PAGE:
growth. Moreover, it is also important to note that government expenditure has played a
significant role in the development and growth of the economy in the UK. This is essential for
making sure that all the stakeholders and policymakers are considered to play an appropriate role
for public sector in regional economic development.
2.4. Factors that contribute to economic growth

Government Expenditure and Growth in the UK 6
Economic growth is likely to be determined by many factors, but those that have significant
impact include: (1) Export base and import substitution: Outside sales bring foreign currency
into the region and drive other local economic activity. Foreign currencies leak out of a region
when local businesses and households buy “imports” manufactured in another country. While
useful as a theoretical concept, this simple economic concept is incomplete. This is mainly
because, if export sales and import substitution were the only sources of growth, the world
economy would not grow without export sales to other planets; (2) Productivity: An expansion of
a region’s wealth can occur in the absence of any decrease in imports or increase in exports if
productivity rises. Here, growth comes from expanding the production possibilities frontier –
what can be produced with a given level of labour, materials, and equipment; (3) Specialization
and trade: A region concentrates on producing its most efficient economic activities, earns
income from those activities, and then uses that income to import goods and services that are the
specialties of other regions; (4) Place and space: The implications of geography affect the spatial
distribution of economic activity as businesses balance access to consumer markets and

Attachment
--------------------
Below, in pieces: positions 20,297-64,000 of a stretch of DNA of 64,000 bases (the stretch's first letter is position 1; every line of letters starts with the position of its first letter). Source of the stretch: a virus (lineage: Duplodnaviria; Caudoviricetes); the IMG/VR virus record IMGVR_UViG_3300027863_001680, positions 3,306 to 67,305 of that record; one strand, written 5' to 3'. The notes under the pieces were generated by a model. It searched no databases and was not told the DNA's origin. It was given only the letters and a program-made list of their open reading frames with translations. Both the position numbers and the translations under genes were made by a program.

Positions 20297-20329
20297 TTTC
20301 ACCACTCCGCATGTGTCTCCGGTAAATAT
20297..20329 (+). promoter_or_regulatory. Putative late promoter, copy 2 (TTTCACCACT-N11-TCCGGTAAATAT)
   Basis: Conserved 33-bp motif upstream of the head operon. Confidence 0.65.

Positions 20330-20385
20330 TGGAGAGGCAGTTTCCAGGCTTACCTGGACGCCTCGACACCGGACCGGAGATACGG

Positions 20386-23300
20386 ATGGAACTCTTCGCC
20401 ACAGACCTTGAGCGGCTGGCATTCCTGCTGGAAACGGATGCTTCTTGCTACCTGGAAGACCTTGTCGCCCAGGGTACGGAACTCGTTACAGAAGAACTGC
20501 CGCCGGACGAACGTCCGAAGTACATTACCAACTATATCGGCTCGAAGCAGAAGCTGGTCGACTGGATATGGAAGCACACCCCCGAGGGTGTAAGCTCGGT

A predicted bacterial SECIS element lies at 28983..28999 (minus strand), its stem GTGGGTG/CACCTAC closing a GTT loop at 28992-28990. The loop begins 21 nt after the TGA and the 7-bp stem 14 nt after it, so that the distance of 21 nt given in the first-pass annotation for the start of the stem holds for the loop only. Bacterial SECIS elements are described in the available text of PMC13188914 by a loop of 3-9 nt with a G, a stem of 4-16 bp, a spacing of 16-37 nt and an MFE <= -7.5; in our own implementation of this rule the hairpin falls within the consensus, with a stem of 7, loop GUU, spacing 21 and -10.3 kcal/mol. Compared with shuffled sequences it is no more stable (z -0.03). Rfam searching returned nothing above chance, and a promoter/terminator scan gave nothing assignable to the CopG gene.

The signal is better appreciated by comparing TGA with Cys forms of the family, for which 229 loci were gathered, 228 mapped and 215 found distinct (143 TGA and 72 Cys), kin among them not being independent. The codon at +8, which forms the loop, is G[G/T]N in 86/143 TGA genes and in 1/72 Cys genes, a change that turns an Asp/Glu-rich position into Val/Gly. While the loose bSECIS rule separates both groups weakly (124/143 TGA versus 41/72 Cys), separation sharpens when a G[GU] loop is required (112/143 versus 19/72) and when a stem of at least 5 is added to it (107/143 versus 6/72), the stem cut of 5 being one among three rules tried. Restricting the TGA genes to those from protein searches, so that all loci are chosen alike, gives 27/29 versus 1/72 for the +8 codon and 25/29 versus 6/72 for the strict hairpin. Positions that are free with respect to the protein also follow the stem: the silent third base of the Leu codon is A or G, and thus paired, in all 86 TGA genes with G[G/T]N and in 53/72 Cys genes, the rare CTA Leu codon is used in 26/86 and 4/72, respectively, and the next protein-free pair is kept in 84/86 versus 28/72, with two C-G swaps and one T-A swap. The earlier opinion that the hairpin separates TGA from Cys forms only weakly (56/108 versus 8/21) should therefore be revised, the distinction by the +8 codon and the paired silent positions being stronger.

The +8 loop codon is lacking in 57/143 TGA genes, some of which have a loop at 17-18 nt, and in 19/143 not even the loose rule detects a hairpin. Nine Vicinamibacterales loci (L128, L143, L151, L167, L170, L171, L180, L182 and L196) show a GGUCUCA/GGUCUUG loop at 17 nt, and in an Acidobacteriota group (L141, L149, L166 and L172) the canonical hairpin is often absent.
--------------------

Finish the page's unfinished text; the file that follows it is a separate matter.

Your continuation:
production inputs (for example, labour and materials) against costs for land and transportation;
(5) Human capital and innovation: The skills, knowledge, and ideas that people bring to the
workplace can drive productivity improvements and economic growth; (6) Financial capital:
Increased private investment – made in response to existing market demand or emerging
opportunities – creates new jobs, which increase local income, which leads to greater local
demand for goods and services, which in turn leads to more private-sector investment and
continues the cycle of growth; (7) Entrepreneurialism: Risk-taking entrepreneurs are needed to
take the ideas, labour, equipment, and materials and turn them into business activity (Acemoglu,
2009); (8) Clusters or Agglomeration: Businesses may cluster to take advantage of access to

Government Expenditure and Growth in the UK 7
buyers or inputs into the production process, including skilled workers, specialized supplier
firms, production technologies, and natural resources; (9) Product Life Cycles: Regional growth
may be affected by the “life cycle” of a product as it moves from the start-up phase to
standardized or mass, production.

Your Research Outline encompasses the following with reference to your dissertation topic:
(i) Definition of the topic through a summary of the general focus / motivation of dissertation that
should demonstrate a coherent economics based approach to the chosen topic. The research